Review of the Liturgical Press Roman Missal
The new Roman Missals for the altar have started to arrive so as we unpack them we're writing reviews of each one so you can decide which one you really want to get. We have also created a Roman Missal comparison chart that lists EVERY available altar missal and the major features of each. We don't have all the information yet but as the missals arrive we are filling in the blanks.
Liturgical Press has been publishing ritual books and other worship resources for several decades. The ritual books have always had a distinct 1970's styling that they unfortunately have not broken away from with their new altar missal.
To start this review I have to say that as a bookstore I was very happy that the book ships in its own box. Some of the missals we have received only get shrink wrap for protection.
Upon opening the box we were greeted with an...icon? I assume that it is Christ the King but several people commented that it looks like a monkey.
The book appears to be well-bound and the gilding is nice. I also was happy with the size of the tabs. Even on the chapel edition they are large enough to actually use. One of the other missals from a different publisher has tabs that are ridiculously small on the chapel size.
Turning to the inside cover we were greeted with a 1970's stylized Benedictine cross. There's something about that era that always says "dated" instead of "timeless".
Both the Liturgical Press altar and chapel editions appear to be exactly the same except for the size. The altar missal is under eight pounds so it can be held much more easily by smaller altar servers.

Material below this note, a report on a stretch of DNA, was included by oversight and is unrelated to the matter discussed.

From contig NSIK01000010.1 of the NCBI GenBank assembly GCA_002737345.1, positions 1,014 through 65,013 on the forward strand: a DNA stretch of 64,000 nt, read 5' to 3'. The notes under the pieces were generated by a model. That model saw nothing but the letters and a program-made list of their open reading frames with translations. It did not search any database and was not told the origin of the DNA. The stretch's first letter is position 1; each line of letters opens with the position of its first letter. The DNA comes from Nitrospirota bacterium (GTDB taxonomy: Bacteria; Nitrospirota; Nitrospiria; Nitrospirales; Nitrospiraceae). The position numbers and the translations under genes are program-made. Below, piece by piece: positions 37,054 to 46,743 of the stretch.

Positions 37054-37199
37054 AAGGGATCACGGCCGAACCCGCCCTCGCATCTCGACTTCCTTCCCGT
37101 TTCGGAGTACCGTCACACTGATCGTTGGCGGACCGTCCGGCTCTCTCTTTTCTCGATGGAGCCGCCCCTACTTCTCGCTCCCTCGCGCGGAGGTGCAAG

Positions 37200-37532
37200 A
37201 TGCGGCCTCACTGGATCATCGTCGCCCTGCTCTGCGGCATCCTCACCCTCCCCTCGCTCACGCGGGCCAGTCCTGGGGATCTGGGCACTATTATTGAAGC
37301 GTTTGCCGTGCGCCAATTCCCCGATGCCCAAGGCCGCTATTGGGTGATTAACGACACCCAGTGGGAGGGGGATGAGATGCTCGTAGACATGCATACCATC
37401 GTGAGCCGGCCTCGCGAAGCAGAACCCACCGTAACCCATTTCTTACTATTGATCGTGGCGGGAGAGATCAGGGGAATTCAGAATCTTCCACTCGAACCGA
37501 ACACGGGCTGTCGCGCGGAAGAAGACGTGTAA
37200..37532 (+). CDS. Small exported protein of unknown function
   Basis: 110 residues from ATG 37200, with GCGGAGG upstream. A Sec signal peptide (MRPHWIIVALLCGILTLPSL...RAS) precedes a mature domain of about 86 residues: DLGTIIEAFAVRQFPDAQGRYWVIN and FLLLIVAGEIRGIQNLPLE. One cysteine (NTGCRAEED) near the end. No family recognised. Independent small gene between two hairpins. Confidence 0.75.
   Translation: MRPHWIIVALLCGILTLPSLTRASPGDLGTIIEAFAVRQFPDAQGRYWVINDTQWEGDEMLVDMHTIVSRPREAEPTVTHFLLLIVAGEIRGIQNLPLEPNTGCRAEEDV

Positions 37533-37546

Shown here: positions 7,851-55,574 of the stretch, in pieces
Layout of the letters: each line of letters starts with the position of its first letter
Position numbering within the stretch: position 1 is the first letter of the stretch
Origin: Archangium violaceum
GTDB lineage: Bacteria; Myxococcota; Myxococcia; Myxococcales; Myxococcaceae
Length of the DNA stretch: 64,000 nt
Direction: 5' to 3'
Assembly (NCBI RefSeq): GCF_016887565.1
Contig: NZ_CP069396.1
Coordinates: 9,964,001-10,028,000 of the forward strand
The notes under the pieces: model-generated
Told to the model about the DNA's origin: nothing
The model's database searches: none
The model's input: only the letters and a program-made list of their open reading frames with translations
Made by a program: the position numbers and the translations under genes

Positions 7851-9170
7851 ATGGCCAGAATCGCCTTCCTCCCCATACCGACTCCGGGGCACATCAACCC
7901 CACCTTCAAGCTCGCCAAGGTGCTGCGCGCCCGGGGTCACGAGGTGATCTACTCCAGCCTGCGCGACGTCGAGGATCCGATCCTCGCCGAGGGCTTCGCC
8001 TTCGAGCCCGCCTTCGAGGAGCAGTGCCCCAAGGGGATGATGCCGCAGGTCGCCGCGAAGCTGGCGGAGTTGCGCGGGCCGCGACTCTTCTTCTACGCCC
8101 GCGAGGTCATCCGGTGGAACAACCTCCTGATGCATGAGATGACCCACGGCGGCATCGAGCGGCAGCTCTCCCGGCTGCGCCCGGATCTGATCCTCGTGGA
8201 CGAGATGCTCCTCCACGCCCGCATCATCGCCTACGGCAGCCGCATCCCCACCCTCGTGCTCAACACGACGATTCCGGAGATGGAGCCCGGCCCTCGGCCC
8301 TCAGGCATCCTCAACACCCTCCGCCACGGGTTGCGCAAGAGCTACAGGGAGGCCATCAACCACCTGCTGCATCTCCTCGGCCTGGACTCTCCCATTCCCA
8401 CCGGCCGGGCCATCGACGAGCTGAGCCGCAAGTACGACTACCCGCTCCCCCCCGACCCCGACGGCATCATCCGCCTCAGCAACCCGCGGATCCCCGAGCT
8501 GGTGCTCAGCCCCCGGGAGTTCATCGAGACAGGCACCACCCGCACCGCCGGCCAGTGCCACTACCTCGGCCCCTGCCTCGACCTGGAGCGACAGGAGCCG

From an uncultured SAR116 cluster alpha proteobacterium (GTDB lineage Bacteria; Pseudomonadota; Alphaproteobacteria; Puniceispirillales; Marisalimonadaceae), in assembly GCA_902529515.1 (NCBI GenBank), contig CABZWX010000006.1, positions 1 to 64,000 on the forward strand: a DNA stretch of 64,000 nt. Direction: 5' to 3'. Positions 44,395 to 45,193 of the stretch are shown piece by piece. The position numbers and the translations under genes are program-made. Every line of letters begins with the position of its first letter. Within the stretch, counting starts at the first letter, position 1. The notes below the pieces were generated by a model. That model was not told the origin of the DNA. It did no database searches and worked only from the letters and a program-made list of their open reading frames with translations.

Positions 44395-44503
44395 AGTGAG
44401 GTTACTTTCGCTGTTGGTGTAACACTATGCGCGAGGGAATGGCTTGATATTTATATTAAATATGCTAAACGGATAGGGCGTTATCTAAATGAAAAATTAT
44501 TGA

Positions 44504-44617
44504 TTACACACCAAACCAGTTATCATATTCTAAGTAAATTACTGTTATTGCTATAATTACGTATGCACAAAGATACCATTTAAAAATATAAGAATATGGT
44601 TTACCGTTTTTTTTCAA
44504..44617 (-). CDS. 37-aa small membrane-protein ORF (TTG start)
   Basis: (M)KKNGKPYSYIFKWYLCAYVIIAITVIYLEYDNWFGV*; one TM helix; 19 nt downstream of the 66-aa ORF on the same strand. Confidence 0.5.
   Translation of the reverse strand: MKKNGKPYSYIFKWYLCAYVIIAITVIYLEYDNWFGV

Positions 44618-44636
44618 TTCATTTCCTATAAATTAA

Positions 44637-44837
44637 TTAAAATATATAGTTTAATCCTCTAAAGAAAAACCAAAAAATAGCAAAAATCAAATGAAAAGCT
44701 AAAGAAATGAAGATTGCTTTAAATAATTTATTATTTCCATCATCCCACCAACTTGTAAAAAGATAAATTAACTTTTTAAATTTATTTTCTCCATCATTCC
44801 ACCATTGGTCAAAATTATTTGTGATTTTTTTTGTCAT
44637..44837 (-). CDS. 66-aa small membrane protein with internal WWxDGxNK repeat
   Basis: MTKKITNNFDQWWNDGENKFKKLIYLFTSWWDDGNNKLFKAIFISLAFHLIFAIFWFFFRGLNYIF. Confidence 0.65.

The art inside the missal was done by a Benedictine monk. When I first went through the missal I thought that the illustrations were done by a group of artists all trying to stay loosely within the same style.
Some of the illustrations, like the ones for All Saints and the Epiphany look almost like medieval woodcuts while the title page and Roman Canon illustrations look like 1970's missalette covers. It's unfortunate that there wasn't more consistency in the images.
The text in the missal is clear and the pages are thick enough so that you aren't distracted by the text on the back side. Some missals use heavier paper for the ordinary of the Mass but this missal has a heavy paper throughout.
Maybe I've been spoiled by looking at the Magnificat missal first, but the thing that struck me most about the typeset is how plain it is. Apart from some larger drop cap letters at the beginning of some of the major sections (the Sanctus, beginning of the Eucharistic Prayer, the Creed, etc.), nothing was done to make the pages of the missal beautiful. I guess on the plus side it is extremely easy to read.
Overall, Several of the other missals are more beautiful but still in the same price range. The one thing that makes this missal especially nice is the weight of the altar edition.